Best selling children’s author Jacqueline Wilson has written over 40 books including crime novels before the breakthrough success of Tracey Beaker. Heather Sellers author of novels and the non-fiction books, Page-by-Page and Chapter-by-Chapter had her first book rejected by ninety agents and fourteen publishers. Writers definitely need staying power. So instead of focusing on the money and sales, my focus everyday is to become a better writer. I love reading and I read heaps more than I write. Reading also influences and contributes to the development of my writing.
I regularly write for free and post articles and features on line. It's a great way of generating content and staying in the flow with writing practice. It’s also a way of consciously building both a body of work and your writing platform. The two complement each other. No body of work, no author or writing platform. No writing platform and you significantly limit the reach your body of work has to reach a wider audience.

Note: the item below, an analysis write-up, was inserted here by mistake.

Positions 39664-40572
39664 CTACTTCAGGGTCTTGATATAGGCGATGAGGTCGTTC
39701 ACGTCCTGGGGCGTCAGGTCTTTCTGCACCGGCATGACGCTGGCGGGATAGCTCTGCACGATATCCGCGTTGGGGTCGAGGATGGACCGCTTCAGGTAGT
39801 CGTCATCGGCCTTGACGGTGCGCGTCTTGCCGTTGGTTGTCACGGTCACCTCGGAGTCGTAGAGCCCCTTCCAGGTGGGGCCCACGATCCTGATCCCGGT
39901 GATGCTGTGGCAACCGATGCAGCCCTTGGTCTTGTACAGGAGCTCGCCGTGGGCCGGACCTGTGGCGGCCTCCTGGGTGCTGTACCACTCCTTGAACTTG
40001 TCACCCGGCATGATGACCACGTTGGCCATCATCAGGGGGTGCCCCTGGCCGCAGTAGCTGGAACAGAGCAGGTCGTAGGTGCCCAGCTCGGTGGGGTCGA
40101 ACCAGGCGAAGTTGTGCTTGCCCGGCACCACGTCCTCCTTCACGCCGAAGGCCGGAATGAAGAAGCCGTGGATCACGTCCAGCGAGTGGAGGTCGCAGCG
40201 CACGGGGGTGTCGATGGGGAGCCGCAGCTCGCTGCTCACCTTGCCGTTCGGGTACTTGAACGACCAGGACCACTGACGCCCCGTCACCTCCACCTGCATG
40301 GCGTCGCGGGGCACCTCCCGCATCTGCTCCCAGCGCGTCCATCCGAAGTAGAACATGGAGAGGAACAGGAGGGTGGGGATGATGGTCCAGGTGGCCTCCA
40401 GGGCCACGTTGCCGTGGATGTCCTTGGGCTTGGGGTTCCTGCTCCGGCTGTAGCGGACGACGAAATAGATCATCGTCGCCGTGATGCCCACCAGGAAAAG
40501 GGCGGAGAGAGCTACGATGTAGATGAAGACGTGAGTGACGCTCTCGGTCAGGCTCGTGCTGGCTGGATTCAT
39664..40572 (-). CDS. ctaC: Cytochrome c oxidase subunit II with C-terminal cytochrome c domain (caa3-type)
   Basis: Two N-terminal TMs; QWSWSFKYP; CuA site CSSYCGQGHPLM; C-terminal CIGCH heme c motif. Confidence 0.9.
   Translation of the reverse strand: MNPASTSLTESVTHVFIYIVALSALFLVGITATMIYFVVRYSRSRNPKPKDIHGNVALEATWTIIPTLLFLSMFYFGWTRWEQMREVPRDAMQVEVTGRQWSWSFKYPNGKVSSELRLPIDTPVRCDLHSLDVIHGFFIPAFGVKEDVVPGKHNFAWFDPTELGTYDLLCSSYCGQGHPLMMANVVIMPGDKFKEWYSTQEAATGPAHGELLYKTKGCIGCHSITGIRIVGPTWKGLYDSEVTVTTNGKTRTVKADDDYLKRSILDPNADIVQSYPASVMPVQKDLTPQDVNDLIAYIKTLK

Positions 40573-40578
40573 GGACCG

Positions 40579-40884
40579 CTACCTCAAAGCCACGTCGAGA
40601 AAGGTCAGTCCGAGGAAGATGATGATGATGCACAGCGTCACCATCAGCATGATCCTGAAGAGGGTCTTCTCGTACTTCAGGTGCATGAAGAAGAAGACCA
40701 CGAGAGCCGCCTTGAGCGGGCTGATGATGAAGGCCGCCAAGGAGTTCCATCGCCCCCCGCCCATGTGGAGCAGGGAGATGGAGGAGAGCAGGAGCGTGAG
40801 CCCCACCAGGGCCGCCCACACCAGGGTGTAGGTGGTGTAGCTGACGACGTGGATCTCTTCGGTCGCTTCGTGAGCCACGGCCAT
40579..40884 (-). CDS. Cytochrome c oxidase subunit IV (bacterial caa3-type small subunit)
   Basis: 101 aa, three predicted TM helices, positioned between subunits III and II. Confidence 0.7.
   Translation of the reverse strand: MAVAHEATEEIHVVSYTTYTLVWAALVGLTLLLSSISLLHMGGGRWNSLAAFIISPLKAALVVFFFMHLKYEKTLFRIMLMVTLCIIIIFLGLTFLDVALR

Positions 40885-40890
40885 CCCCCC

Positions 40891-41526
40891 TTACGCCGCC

Establish A Writing Platform
Most publishers nowadays look for evidence of writers who have an author or writer’s platform. The author platform is a combination of your body of work and getting that body of work on line, published and shared through social media. Publishers are looking to see the range of your reach, connection and the numbers of people who follow you in your area of expertise.
But don’t let this put you off. The publishing industry has changed significantly and you now have the world at your fingertips and within your control as a writer, which means you have a wider reach than your publisher is ever capable of reaching for you (mainly because they’ll be occupied elsewhere focused on their best selling authors).
It’s a good idea to decide on the social media platforms you will work with and commit to building a presence on a minimum of at least two platforms.